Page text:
We wished to determine whether human dM
are targets of DV infection. To this end, healthy human skin from patients undergoing plastic surgery was processed to obtain a dermal cell suspension. The cells were then cultured without additional cytokines for 48 h to allow re-expression of cell surface markers, such as CD1a and CD209, lost during the collagenase treatment (data not shown). Binding of DV3 E protein to dermal cells was assessed by flow cytometry after staining with CD14 and CD1a-specific antibodies. CD14 is expressed by dM
and CD1a by dDC 
. To detect E protein binding, the soluble form of DV3 E protein (sE) was fused to the reporter protein eGFP and purified from a Drosophila
expression system. As shown in , CD1a+
dDC showed only a limited capacity to interact with DV3 sE protein, whereas CD14+
readily bound the protein. This is corroborated by the distinct expression of CD209 by dM
(), whereas dDC expressed little, if any, CD209 (data not shown). Increasing amounts of DV3 sE protein were added to the dermal cell suspension to test if dDC bound the protein at higher concentrations. shows that even at high concentrations, there was little binding of DV3 sE protein to dDC, whereas it bound to dM
in a dose-dependent fashion. These findings identify dM
as potential key cellular targets of DV.
To address the question of whether dM
are infected by DV and whether they are permissive for viral production, we established cell culture conditions to generate dermal-type M
from monocytes. We observed on human skin tissue sections that dM
expressing CD14 or CD209, but not the CD1a+
dDC, stained for IL-10 (). When purified human monocytes were cultured in M-CSF and increasing concentrations of IL-10, the cells expressed CD14 and CD209 in an IL-10 dose-dependent manner (). Similar to DC 
, the addition of GM-CSF increased CD209 levels (), so that a homogeneous CD14+
cell population could be obtained with CD209 expression nearly identical to that of DC derived from monocytes in the presence of GM-CSF and IL-4 (Figure S1A
). Western blotting of cell lysates confirmed the presence of CD209 as a major band of 49 kDa in both cell-types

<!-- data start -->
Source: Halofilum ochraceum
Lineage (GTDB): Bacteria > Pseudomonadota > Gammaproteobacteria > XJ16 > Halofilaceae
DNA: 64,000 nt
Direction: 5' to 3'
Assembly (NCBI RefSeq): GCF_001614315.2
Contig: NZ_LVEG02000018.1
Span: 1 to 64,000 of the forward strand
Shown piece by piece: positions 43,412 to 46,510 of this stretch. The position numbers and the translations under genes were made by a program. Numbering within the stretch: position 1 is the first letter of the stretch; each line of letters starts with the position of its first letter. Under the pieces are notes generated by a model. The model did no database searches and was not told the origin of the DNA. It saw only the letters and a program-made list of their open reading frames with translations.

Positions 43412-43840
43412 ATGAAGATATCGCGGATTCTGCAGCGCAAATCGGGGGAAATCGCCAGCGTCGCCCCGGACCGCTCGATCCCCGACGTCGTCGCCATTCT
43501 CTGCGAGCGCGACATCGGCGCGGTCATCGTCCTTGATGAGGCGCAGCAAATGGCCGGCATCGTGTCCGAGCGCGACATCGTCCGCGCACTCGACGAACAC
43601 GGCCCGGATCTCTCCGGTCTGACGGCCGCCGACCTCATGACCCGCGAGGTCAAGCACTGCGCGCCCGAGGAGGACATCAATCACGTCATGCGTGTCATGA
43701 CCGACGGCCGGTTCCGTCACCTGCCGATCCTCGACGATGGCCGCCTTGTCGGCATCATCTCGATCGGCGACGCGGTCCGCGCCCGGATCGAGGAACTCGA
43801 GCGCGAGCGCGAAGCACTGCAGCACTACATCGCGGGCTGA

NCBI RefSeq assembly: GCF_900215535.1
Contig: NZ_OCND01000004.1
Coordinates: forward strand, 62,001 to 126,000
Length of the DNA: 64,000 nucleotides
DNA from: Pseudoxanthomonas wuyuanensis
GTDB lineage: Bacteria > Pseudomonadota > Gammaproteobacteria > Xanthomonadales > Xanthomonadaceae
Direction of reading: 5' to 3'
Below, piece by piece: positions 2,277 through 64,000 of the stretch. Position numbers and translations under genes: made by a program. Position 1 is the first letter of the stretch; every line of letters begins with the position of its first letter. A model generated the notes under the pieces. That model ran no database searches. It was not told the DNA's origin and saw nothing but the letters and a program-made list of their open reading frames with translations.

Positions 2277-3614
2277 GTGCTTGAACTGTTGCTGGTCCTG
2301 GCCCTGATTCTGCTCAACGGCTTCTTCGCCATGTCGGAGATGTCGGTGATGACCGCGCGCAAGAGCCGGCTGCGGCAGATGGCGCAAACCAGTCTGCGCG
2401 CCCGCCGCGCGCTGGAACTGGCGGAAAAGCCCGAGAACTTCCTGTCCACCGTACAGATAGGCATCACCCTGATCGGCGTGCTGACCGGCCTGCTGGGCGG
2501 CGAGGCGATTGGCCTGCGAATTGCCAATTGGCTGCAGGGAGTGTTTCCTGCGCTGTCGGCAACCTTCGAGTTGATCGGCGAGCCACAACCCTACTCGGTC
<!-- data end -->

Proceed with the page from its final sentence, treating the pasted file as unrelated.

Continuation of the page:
). The M
expressed coagulation factor XIIIa and CD163, two other cell surface markers of dM 
(). The M
and the DC were both able to bind eGFP-tagged DV3 sE protein, which was inhibited by EDTA (). This distinguishes the monocyte-derived DC from dDC. Upon activation by lipopolysaccharide (LPS), the M
rapidly released IL-10, whereas DC or monocytes produced little of this cytokine (Figure S1C
Figure 2 Generation of dermal-type M with IL-10.
) and monocyte-derived DC (MDDC) were analyzed for DV infection using low-passage DV1 and DV3 strains grown in mosquito cells 
as well as the prototype DV2 strain 16681 
. The cells were exposed to DV1 at a multiplicity of infection (MOI) of 1 for 2 h, washed, and then cultured for 40 h. As shown in , intracellular viral antigen was clearly detected in MDDC by flow cytometry, whereas no specific immuno-labeling was observed in MDdM
. An analysis of DV replication in these cells infected at an MOI of 1 (DV1 and DV3) or 2 (DV2) showed that MDDC were highly permissive to productive infection (~105
FFU/ml or PFU/ml) (); in contrast, progeny virus production was undetectable in DV-infected MDdM
FFU/ml or PFU/ml). Consistent with this finding, no IFN-α was produced by DV-infected MDdM
, even at an MOI of 10, whereas MDDC readily released IFN-α when infected with DV at an MOI of 1 or 10 
(). To verify that MDdM
acquired the virus, both myeloid cell-types were exposed to high DV input (MOI of 100) and electron microscopy analysis was performed after 30 min at 4°C and after 1 h at 37°C (). Cell surface-bound (at 4°C) and endosomal vesicle-associated virus particles (at 37°C) were clearly detected in both cell-types. Thus, internalization of DV can occur in MDdM
but does not result in productive infection.
Figure 3 MDdM are resistant to permissive DV infection.
In an effort to define the molecular basis of the inability of DV to grow in MDdM
. we asked whether internalized DV was sequestered in a manner that hampers productive infection, using DV3 sE-eGFP fusion protein. To monitor DV3 sE protein internalization in MDdM
and MDDC, the cells were incubated with pH-sensitive LysoSensor dye and analyzed by confocal microscopy (). This dye accumulates in acidic organelles, where its fluorescence emission is highest. After 5 min at 37°C, DV3 sE protein was observed in vesicle-like structures in both cell-types. By 30 min and 60 min, DV3 sE protein dispersed to acidified perinuclear lysosomes in MDDC. In marked contrast, when MDdM
were examined at these time-points, a large fraction of internalized DV3 sE protein was excluded from the acidic compartment and remained in non-acidic, large endosomes. Electron microscopy analysis using a colloidal gold-conjugated antibody to GFP demonstrated that DV3 sE protein accumulated in large phagosomes in MDdM
, located close to the plasma membrane (). On the other hand, at 30 min, in MDDC, DV3 sE protein was mostly found in small perinuclear vesicles in the environment of the endoplasmic reticulum. Taken together, these data suggest that the inability of DV to productively infect MDdM
is due to accumulation of virus particles in immature endosomal vesicles whose pH does not allow efficient viral-cell membrane fusion and subsequent virus uncoating.
Figure 4 DV3 sE-eGFP protein is excluded from acidic compartments in MDdM.
Figure 5 DV3 sE-eGFP protein-containing vesicles are distinct in MDDC and MDdM.